It is the author's contention that the research strategy described in this article represents an approach to health care that benefits both practice and analysis. Central to both is the idea that in all community-based efforts to reduce health disparities and improve health status, a partnership or collaboration between the targeted population and the care providers or researchers is the surest, most ethical way to create needed change. Therefore, the description of critical ethnography and community-based action research extends an option for how to understand the needs of multicultural rural elderly individuals and how to respond sensitively and effectively to those needs.

The author's research thus far has involved two critical ethnographies in communities in the southwestern United States. Both studies involved groups with documented disparities in health care services, and both studies evolved from the need to acknowledge and articulate the perspective of the residents themselves. One study focused on a group of retired migrant farm workers in Colorado (Averill, 1997), and the other focused on a group of multicultural rural elderly individuals in an area of southwestern New Mexico severely compromised by recent economic decline, located near an international border (Averill, 2002a,2002b,2000c).

A strength of this approach is that the author is the original researcher, with ready access to the raw data from the two studies. Increased richness and depth of understanding may be obtained from two studies, especially for the collective refinement and generalizability of rural health contexts (McCormick, Rodney, & Varcoe, 2003). Community-based action research has been successfully applied in settings involving underserved and marginalized populations (Bourke, 2002; Krieger et al., 2002; Nelson, Ochocka, Griffin, & Lord, 1998; Schulz et al., 2001). It is proposed as part of an overall strategy to improve the health status and health outcomes for multicultural rural elderly individuals. Although this recommendation involving qualitative interviews and contextual analysis yields valuable results, it also poses methodological or operational challenges.


The methodological and operational challenge can be divided into three essential domains:

* Evoking participants' perspectives in natural field or community settings.

* Conducting ethnography in the criticalist tradition.

* Integrating relevant sociopolitical contexts (e.g., rurality, aging, history, culture, economics, healdi disparities).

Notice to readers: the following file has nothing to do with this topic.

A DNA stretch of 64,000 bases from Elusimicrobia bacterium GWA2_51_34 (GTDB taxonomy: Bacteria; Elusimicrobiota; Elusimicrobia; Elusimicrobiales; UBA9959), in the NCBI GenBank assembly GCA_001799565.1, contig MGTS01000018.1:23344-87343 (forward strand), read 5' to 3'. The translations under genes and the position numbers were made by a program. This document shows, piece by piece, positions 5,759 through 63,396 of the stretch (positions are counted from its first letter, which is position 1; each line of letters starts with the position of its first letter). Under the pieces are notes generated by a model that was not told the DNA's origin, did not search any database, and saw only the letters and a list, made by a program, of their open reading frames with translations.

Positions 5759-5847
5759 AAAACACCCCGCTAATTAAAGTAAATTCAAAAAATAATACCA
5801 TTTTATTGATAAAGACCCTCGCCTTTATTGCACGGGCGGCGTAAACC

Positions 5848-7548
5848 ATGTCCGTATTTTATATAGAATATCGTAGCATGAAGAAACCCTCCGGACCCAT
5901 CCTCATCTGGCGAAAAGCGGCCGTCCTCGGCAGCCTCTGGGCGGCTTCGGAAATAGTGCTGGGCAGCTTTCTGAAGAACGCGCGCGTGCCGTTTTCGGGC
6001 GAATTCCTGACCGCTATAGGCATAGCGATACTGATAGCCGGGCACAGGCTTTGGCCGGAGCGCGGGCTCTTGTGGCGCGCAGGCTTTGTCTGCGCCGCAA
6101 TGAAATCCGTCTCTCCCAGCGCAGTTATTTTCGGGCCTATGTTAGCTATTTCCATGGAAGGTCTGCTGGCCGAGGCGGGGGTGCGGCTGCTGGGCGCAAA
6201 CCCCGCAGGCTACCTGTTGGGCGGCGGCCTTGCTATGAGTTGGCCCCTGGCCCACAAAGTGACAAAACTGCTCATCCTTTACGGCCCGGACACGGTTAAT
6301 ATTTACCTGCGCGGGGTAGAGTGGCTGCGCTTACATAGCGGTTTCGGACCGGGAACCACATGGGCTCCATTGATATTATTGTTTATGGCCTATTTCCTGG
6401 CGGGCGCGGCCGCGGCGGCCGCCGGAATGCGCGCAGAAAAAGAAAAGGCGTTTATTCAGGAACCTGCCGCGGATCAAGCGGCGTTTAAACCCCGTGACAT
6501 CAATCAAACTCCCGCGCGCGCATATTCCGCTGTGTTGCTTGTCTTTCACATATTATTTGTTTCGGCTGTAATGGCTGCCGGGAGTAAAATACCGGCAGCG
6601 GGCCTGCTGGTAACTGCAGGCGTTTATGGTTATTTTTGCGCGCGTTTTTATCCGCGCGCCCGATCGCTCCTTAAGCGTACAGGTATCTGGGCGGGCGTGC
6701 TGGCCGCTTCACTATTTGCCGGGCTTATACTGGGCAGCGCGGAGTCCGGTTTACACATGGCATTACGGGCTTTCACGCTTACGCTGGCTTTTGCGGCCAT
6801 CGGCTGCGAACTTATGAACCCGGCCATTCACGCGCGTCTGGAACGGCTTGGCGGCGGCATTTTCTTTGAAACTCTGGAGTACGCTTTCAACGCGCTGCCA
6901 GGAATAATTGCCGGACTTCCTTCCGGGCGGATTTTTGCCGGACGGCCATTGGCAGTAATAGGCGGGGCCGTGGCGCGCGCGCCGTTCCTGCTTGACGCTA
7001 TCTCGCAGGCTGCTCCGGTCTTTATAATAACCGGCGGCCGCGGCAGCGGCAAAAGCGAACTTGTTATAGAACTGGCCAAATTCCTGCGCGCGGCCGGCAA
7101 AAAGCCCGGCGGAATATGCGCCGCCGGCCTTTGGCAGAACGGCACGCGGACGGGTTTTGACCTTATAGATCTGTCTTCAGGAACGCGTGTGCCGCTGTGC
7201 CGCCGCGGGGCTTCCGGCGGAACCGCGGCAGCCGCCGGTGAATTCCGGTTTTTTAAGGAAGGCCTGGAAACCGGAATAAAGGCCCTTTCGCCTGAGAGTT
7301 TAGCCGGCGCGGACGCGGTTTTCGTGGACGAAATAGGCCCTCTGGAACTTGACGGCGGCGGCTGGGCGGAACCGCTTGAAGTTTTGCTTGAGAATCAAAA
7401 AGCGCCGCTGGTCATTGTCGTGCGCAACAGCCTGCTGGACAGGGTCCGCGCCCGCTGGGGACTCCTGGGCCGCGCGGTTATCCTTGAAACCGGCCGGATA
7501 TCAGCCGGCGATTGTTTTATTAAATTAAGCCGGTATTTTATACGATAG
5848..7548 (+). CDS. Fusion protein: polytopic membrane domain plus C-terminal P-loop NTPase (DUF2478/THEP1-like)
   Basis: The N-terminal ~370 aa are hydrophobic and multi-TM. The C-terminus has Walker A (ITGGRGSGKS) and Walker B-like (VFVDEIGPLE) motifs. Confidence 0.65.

A brief explanation of each domain, applied to the two studies for illustration, may serve as a stimulus for other investigators or health care providers interested in collaborative strategies.

Evoking Perspectives

Tyler (1986) argued, "The whole point of evoking rather than representing is that it frees ethnography from mimesis and the inappropriate mode of scientific rhetoric that entails objects, facts... verification...." (p. 130). Identifying participants for critical ethnography and evoking their authentic perspectives in settings familiar to them demands a synthesis of epistemology, research ethics, and effective communication (Scheper-Hughes, 1992). Doucet and Mauthner (2002) referred to this process as "knowing responsibly" (p. 124). It is the process by which the investigator develops and nurtures supportive relationships with participants, emphasizes accountability, and employs a measure of reflexivity. Issues of power, privilege, and process are woven into all phases of the research process, resting on the values of empowered relationships, commitment to social change, and ongoing learning for all concerned (Nelson et al., 1998). In the case of this research, the ultimate outcome is to improve the health status of rural elderly individuals while democratizing and rebalancing the relative power of local stakeholders in shaping the consequences of their health care decisions.

For the two studies, this was accomplished by first establishing workable, trusting relationships between the researcher and key community members. This activity is shown as the essential first step (A) in the Figure on p. 12. Visiting the rural communities before the actual investigations for the purpose of explaining the research, meeting important stakeholders in the health care community (e.g., care providers, care managers, community planners, elderly advocates), and identifying local viewpoints related to health care for rural elderly individuals provided needed access to the elderly individuals themselves.

By Grafting open dialogues with the stakeholders, becoming accessible through a variety of communication modalities, and being physically present in the communities for extended periods of time, the researcher was able to identify multicultural elderly individuals through home-health agencies, hospice agencies, hospitals, primary care clinics, community educational outreach clinics, and senior centers. Partnerships were established not only between the researcher and the elderly individuals, but also between the researcher and care providers, for the purpose of better understanding the challenges of rural health care and making improvements based on the circumstances unique to the communities.

General research questions, generated by the researcher in the context of known facts, literature, and curiosity guided the interaction with informants. However, the participants contributed their own perspective to the wording and prioritization of the actual questions. After this foundation was in place, ethnographic data generation (B in the Figure on p. 12), or dialogue with the participants, began.